Archive for April, 2009
6.) The proximity to Easter — As it will this year, The Masters frequently concludes on Easter Sunday. I’m not a Christian, but I generally think, I swear, that Christians are pretty cool. Still, Easter rests on a fairly creepy mythos, and a non-Christian like me can—in my part of the world, anyway—pretty easily get inundated by it. Maybe, you think to yourself, a little golf will provide a nice Sunday-afternoon distraction from all that? Think again. In 1993, after taking his second Masters title, Bernhard Langer found time to note that Easter was “the day when [his] Lord and Savior rose from the dead” and that it meant more to win on the day he “celebrate[d] the resurrection of [his] Lord and Savior.” Langer’s not alone, either: As the close of the last linked article (from The Baptist Advocate) indicates, many different players have found golfing wins a chance to bear Christian witness. The Masters at Easter invites that. No thank you.
7.) Butler Cabin — If there’s any duller, more awkward winner’s celebration in sports, I haven’t seen it. Television viewers have to withstand an uninformative conversation with the low-amateur, if one made the cut, before a seated, tepid panel discussion featuring Jim Nantz and the champion breaks out. Ok, “breaks out” is too strong a phrase. In fact, I usually start a nap about this time. More energy and excitement (and, hey, better lighting), please?
8.) Yes, the green jacket — Congratulations. You’ve just won the highest honor in your sport. In celebration of that, we’re doing to dress you up like a Shriner. Enjoy.
9.) Larry Mize — He’s back, you know.
10.) Having it both ways — The Masters is supposed to be all about the tradition (“it’s a tradition unlike any other,” Nantz repeatedly intones on CBS), but the course has seen many changes. Once, the controversy was the switch from Bermuda to bentgrass. More recently, the course underwent significant changes to fend off long-hitters like Tiger Woods. This is not the same golf course that Snead, Hogan, and Nelson once played, and we’d all be better off if we recognized that.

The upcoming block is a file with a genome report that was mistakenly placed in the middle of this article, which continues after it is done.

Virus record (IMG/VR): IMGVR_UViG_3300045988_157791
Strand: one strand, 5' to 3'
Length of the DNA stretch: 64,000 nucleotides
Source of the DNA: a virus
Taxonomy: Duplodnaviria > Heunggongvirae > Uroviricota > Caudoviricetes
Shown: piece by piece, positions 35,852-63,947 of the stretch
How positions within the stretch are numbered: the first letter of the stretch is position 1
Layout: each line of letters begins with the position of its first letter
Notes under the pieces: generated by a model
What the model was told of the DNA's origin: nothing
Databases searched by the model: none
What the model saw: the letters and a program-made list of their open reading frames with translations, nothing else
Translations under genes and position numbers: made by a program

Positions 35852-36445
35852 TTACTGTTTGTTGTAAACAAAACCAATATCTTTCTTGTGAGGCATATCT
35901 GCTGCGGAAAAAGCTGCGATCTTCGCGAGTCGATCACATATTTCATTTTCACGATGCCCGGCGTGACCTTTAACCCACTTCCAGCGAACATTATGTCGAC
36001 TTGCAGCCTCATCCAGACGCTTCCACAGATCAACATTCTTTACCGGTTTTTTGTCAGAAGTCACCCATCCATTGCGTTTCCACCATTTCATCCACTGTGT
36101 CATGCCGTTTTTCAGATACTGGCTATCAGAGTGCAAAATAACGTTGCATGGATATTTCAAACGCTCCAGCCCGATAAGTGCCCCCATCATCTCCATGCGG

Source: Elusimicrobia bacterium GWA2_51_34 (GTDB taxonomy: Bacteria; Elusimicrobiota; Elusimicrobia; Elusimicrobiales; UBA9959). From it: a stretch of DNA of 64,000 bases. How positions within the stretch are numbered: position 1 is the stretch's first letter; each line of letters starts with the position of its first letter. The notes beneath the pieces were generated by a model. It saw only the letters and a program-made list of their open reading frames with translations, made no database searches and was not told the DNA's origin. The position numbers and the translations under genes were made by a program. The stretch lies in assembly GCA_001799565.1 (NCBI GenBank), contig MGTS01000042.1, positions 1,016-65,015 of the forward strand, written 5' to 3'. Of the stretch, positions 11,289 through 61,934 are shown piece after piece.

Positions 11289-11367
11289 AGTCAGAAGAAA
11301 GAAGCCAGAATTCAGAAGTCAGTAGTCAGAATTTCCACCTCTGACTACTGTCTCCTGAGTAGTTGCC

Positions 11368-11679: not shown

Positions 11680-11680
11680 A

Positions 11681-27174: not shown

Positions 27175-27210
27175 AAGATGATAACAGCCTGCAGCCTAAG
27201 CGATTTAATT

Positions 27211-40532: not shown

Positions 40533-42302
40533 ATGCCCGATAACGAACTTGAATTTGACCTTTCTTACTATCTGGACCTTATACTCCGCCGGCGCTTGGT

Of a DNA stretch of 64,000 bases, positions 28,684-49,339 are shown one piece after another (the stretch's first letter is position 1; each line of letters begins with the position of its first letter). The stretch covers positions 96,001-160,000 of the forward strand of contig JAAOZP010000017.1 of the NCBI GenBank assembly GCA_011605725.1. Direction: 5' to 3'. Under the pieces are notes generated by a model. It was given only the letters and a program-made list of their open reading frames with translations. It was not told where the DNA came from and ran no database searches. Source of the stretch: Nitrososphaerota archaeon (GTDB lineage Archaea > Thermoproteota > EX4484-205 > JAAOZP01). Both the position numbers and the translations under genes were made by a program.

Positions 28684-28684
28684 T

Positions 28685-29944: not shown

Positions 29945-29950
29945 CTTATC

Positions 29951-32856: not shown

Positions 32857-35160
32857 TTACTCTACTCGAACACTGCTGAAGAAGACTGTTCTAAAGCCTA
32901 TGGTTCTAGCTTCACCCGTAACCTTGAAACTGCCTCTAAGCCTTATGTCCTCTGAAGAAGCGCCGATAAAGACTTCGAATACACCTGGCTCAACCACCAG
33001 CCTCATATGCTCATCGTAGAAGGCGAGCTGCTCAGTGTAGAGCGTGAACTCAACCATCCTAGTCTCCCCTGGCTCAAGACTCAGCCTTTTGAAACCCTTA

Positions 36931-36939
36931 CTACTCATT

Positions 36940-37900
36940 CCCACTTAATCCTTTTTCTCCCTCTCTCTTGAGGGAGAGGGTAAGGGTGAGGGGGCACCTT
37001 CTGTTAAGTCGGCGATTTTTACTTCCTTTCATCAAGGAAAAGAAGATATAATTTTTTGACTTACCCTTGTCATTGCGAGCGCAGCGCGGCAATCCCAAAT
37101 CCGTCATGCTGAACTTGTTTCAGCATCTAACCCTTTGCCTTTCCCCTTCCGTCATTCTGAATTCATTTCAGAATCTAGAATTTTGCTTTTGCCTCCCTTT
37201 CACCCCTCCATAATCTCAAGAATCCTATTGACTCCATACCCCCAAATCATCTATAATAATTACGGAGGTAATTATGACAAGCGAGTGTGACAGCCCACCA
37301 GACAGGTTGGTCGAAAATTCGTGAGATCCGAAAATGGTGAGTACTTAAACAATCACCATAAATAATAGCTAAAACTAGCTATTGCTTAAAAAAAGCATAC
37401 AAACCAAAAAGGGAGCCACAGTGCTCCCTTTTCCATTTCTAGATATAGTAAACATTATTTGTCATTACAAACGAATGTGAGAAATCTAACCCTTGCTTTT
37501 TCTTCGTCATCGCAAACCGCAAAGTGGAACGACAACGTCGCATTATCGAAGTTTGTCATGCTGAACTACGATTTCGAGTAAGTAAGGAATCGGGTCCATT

1.) The small field — The Masters is supposed to be one of the four great championship events of the year, yet the field is small. It’s essentially an invitational event. A championship is supposed to tell us who the “best” is. What’s the best of an invitational field? I dunno, but my tennis club does the same thing. Why isn’t CBS there? I’ll take the U.S. Open’s qualifying free-for-all any day.
2.) The tradition — Unlike Wimbledon, where the tradition is almost charming, it’s stultifying in Augusta. And, yes, I’m saying there’s too much of the “wrong kind” of tradition. Lee Trevino didn’t feel welcome there. Lee Elder qualified for the tournament 15 years before the club had—in the 1990s!—its first African-American member. There’s a good reason Martha Burk was protesting the event. Yuck.
3.) CBS’s reverential coverage — As I understand it, the club mandates a certain tone in the coverage. If I’m forced to choose between the raucous(?) Jack Whitakers and Gary McCords of the world and the unctuous, Masters-approved Jim Nantzes of the world, I’m going with the Whitakers and McCords every time.
4.) Larry Mize
5.) Exclusivity — I’m not welcome—as, ahem, a “patron”—at the tournament, and you’re not, either. This is from the tourney’s website: Tournament or ‘Series’ Badges (Thursday through Sunday) have been sold to those on our patron list which was closed due to demand in 1972. A waiting list began in 1972, and was closed in 1978. It reopened in 2000, and it too is now closed. No applications for ‘Series’ Badges are currently being accepted.